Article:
Today, Mat Waugh, author of the Cheeky Charlie series, discusses why his funny stories for kids seem to strike a chord with grandparents, too.
Mat: As a children’s author – particularly one who measures success in the breadth of a child’s smile – I’m occasionally taken to task by parents who disagree with the notional boundaries I’ve drawn, and break. It’s OK, I get it: what’s just across the line for me (and therefore hilariously funny to a six year old) is beyond the pale to other families. It’s probably why we get plenty of space in the supermarket. These parents will give my next book a swerve, and pick up something with a wholesome moral (yawn).
But grandparents are different. At its best there’s a direct connection between grandparent and grandchild, a desire to discover the world together. And curiosity goes hand-in-hand with rule breaking, asking what if? and enjoying the unintended consequences.
Case study 1: when my eldest daughter was a few months old and enduring our attempts at baby-led weaning, she was left in the tender care of my wife’s mother for an afternoon. On our return we noticed a suspicious brown smear around the baby’s mouth. My wife dabbed it with a finger, and sniffed it cautiously.
“Mum, it’s chocolate!”
“Oh, stop making a fuss, it was only a KitKat,” my mother-in-law said. “She absolutely wolfed it down. She ate both fingers.”
Case study 2: it’s two years later, and we’re in the garden of a friend who has a newborn herself – he’s three, maybe four months old. My parents are with me. The mother disappears inside to make tea and while we’re distracted, my father decides that now would be a good time for the infant to ingest his very first solids: a hunk of Victoria Sponge cake. Guess what? He couldn’t get enough of it. We notice in the nick of time, brushing crumbs from wispy hair and wiping jam from chubby cheeks before the mum reappeared. And then we exploded at my unrepentant Dad in the car home.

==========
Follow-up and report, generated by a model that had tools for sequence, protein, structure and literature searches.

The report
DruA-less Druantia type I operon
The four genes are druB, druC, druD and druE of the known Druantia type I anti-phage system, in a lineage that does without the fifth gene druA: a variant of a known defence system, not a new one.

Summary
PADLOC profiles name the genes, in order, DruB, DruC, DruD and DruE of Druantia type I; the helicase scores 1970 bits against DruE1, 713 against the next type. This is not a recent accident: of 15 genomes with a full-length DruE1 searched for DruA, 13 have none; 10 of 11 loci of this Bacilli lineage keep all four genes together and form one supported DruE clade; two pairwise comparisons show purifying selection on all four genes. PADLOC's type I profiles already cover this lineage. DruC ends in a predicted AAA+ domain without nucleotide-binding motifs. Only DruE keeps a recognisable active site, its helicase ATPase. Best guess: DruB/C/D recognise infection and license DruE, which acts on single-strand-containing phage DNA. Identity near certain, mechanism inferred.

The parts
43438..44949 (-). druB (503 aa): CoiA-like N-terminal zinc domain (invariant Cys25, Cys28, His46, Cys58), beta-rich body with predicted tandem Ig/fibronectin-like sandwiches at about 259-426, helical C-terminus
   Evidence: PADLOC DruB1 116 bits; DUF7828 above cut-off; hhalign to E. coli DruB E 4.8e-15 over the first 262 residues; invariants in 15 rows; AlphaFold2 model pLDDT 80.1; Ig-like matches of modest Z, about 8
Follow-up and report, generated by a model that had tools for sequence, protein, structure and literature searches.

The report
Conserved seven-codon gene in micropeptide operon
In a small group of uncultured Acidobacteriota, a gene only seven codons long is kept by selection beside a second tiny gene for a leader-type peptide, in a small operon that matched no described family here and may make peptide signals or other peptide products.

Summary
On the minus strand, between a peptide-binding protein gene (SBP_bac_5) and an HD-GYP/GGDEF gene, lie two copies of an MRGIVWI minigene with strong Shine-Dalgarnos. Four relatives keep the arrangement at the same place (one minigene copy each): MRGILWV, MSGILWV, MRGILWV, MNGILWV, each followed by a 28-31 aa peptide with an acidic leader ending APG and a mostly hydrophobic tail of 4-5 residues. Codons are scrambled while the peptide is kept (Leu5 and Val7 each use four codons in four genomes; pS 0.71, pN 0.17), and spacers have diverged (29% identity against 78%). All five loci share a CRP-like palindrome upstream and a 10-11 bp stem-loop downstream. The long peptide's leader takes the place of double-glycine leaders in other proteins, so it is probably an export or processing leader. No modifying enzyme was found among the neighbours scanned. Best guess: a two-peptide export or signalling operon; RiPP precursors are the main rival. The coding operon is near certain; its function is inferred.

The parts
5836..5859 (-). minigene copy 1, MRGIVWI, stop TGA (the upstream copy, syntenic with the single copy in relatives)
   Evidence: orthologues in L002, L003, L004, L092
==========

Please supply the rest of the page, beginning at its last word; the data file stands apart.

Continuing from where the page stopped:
Both children are still with us; one mother is still blissfully unaware that her first-born didn’t first cut his teeth on a carrot stick. My wife and I were indignant at the time – how dare these old-timers trample on our finely calibrated child-raising values! But now, as the children grow older, we discover that an illicit bit of cake is hopefully the least of anyone’s worries (latent egg allergies aside). And I reluctantly concede that, just maybe, grandparents know best. Most of ‘em, anyway, most of the time.
This is particularly poignant for us as our middle and youngest daughters never got the chance to be fed a KitKat finger on the sly – my loving mother-in-law died before they were born. But the loss is so much more than that: it’s the hugs, the bedtime pep talk and, above all, the life-affirming laughter.
Charlie, the title character of my short stories, is three, and entirely without malice. If he’s rude he doesn’t mean it; if he causes offence it’s an accident (mostly). In one of the new stories he takes a rude woman to task and inadvertently sparks a mutiny on a ferry. But that’s because, like many toddlers, he lives by a stronger moral code than many adults.
Perhaps that’s the reason Charlie seems to appeal to kids and grandparents in equal measure. They’re both at liberty to know what’s right and wrong, to build a worldview, but also to break the rules sometimes, just to see what will happen (and because it rarely matters that much anyway). And if it makes everybody laugh along the way, the world’s a better place already. And on that I think we can all agree.
Mat Waugh is a children’s author from Tunbridge Wells, UK. The second book of Cheeky Charlie stories, Bugs and Bananas, will be published on May 11, 2017; you can find out more about it and other books at his website. The first collection of Cheeky Charlie stories for children 6+ is available now to download for free. Ideal for shared bedtime stories, or for adventurous independent readers.